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 Post subject:
PostPosted: Mon Dec 31, 2007 11:10 pm 
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David- I saw Las Hurdes 13 years ago as a young 'un and it remains picture perfect in my mind as a perfect excercise in form. Now that I'm more experienced, I want to go back and watch it on the Films san Frontieres disc that I watched Olvidados on tonight (btw- it's a very acceptable image for anyone tired of waiting for an American release and can be found on ebay for a reasonable price) but I'm also afraid to ruin that perfection, though I shouldn't be, because Bunuel can only get better with age, right?

I think it was Bill Krohn who said that Las Hurdes (and not Chien Andalou or L'Age D'or) is the keystone of Bunuel's work. I believe Bunuel's Mexican period bears this out (and it was you, David, who lead me to seek out the Mexi films I hadn't seen with your praise of Subida al Cielo, so thanks). As much as his intercontinental films are concerned with the oppressors, his Mexican films are concerned with the oppressed.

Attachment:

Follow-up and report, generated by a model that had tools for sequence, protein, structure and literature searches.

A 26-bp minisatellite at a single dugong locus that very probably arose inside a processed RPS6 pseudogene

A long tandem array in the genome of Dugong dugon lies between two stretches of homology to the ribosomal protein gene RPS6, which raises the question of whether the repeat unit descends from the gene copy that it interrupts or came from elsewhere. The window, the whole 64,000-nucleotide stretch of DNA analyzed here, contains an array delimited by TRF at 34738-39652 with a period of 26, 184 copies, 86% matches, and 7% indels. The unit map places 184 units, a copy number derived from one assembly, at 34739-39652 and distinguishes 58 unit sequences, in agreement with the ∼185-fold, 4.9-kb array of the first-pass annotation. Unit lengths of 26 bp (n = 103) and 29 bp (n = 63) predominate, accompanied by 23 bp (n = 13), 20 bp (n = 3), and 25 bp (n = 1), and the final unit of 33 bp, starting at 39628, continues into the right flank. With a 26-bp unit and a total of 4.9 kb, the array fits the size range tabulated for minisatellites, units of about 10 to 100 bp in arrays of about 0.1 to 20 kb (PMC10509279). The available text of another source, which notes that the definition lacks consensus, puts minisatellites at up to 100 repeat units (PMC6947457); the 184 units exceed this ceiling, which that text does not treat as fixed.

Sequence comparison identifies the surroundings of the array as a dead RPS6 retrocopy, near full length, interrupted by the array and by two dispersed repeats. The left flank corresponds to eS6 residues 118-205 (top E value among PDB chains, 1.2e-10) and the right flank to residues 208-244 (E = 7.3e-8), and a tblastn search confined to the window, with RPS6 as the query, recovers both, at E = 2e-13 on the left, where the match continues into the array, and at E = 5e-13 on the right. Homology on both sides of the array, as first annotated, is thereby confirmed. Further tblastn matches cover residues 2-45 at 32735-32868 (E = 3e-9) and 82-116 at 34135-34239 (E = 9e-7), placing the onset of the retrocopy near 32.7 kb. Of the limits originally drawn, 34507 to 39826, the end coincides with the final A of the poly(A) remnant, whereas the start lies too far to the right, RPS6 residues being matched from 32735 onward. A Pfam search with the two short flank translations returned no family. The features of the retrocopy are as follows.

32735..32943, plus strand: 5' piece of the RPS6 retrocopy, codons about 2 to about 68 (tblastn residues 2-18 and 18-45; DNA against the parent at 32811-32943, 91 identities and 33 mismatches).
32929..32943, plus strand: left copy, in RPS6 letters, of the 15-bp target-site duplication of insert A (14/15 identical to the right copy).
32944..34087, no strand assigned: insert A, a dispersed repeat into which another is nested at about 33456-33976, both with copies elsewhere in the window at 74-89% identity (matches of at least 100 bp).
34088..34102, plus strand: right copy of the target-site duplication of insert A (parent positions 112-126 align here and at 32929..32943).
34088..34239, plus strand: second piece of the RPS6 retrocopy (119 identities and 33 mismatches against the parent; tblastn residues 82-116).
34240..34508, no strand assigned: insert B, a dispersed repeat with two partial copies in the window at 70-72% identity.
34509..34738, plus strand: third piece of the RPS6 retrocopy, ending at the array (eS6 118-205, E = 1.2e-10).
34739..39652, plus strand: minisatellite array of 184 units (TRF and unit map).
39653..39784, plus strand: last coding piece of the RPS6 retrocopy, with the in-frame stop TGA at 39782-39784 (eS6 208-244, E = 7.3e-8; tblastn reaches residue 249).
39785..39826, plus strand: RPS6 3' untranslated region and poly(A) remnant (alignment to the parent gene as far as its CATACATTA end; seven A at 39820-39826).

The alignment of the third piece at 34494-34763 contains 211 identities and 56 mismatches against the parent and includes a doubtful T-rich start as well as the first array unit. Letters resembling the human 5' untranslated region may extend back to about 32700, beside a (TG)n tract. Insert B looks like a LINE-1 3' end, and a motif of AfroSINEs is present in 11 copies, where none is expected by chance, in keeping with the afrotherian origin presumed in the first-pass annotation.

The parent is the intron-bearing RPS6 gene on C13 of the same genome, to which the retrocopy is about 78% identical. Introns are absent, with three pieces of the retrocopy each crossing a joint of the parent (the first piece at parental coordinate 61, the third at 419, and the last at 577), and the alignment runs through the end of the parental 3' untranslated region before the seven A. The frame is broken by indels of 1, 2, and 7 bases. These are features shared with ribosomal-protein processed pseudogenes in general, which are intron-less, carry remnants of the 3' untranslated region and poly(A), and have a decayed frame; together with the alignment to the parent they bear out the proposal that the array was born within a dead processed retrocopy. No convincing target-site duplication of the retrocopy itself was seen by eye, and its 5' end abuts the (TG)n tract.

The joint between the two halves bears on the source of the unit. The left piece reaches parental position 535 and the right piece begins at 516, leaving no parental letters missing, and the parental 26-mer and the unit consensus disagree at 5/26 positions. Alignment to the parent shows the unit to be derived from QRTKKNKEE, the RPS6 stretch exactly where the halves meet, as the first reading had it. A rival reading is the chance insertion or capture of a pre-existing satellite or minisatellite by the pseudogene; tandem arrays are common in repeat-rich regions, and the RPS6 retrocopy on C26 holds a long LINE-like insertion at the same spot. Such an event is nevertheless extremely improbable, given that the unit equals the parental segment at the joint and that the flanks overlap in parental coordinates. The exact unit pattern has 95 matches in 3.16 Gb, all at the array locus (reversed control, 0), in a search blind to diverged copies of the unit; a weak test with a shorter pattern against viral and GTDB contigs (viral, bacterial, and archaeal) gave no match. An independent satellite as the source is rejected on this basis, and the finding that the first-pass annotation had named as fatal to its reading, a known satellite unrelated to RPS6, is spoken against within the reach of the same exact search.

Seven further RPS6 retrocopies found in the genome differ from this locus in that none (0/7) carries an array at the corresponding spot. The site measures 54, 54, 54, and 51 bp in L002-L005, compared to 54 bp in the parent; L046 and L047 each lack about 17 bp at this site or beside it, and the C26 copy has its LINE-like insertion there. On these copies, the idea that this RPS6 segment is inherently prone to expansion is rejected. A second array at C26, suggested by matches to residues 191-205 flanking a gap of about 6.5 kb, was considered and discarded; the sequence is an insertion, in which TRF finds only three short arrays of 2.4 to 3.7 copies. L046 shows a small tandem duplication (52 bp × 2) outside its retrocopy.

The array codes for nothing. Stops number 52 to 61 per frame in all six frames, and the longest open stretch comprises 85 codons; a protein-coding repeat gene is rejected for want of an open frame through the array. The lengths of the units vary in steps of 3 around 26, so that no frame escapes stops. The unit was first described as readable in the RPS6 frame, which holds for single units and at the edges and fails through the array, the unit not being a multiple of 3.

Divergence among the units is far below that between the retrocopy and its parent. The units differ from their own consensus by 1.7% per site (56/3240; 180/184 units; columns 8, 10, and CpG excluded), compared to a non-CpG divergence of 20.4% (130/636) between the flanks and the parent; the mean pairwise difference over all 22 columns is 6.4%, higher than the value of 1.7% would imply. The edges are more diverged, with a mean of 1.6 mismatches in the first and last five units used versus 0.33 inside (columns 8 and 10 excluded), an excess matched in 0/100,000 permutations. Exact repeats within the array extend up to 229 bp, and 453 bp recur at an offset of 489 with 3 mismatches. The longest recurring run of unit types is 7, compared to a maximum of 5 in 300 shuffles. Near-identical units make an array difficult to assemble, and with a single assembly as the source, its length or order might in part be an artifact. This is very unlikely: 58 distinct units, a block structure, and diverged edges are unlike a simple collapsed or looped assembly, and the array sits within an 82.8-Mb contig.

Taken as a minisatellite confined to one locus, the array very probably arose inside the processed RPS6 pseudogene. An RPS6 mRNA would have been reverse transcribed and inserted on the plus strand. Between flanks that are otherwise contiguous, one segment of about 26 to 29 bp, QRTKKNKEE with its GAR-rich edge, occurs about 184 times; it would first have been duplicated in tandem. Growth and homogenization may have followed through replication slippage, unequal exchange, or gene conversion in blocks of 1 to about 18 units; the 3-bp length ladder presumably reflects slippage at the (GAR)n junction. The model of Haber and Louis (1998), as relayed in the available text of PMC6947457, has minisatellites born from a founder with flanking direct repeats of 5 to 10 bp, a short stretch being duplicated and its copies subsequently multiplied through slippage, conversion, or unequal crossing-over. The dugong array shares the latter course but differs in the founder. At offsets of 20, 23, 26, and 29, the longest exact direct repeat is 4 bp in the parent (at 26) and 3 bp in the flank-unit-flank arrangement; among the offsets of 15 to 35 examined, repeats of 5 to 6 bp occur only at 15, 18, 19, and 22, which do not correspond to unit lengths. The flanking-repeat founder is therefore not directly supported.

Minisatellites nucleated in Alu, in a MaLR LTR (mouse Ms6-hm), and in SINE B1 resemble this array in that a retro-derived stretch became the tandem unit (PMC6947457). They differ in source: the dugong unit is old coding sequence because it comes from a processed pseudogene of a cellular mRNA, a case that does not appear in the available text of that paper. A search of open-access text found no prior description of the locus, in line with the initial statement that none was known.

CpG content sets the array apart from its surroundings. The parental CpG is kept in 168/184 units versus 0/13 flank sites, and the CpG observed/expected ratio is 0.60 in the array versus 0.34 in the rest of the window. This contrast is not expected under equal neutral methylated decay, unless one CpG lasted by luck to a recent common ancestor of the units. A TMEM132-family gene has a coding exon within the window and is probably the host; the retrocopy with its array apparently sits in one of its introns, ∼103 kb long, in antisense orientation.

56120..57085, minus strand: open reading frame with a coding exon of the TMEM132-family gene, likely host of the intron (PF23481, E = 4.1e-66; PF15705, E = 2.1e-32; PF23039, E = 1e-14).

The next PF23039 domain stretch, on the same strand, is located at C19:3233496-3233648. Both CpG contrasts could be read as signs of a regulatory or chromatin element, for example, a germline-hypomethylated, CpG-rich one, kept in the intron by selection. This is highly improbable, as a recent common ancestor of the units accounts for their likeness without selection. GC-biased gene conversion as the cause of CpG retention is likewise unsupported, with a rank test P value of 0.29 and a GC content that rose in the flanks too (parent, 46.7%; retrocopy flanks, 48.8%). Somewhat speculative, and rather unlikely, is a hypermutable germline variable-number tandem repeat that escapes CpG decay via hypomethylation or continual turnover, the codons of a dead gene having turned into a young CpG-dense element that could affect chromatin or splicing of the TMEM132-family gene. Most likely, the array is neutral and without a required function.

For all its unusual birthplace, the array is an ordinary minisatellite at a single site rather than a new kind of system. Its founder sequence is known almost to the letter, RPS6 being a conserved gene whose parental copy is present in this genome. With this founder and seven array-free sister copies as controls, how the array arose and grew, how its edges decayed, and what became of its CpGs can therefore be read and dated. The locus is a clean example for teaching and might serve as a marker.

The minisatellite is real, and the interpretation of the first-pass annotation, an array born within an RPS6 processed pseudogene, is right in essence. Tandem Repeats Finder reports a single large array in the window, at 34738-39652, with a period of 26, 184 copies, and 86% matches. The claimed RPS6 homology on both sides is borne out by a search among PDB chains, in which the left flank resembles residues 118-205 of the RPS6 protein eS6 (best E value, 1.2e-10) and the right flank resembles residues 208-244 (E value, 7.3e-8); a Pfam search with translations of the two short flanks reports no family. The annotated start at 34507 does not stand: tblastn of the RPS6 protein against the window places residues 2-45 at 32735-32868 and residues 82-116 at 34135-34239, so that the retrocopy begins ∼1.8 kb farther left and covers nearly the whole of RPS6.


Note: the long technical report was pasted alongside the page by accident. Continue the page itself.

In the past few months I've seen for the first time Subida al Cielo, Susana, Gran Casino, Illusion Viaja in Tranivia, and Mujer sin Amor; as well as revisited El Bruto and Los Olvidados, and I'm left with the impression that Bunuel's body of work is only matched by Ford's.

There's a rumor that Bunuel embraced religion in his later life, and if true, I can only imagine that it was not Bunuel who changed his mind about God, but God who changed his mind about Bunuel. So to paraphrase Truffaut's line about Ford: "Since God believes in Bunuel, Bunuel bless God."


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 Post subject:
PostPosted: Tue Jan 01, 2008 9:01 pm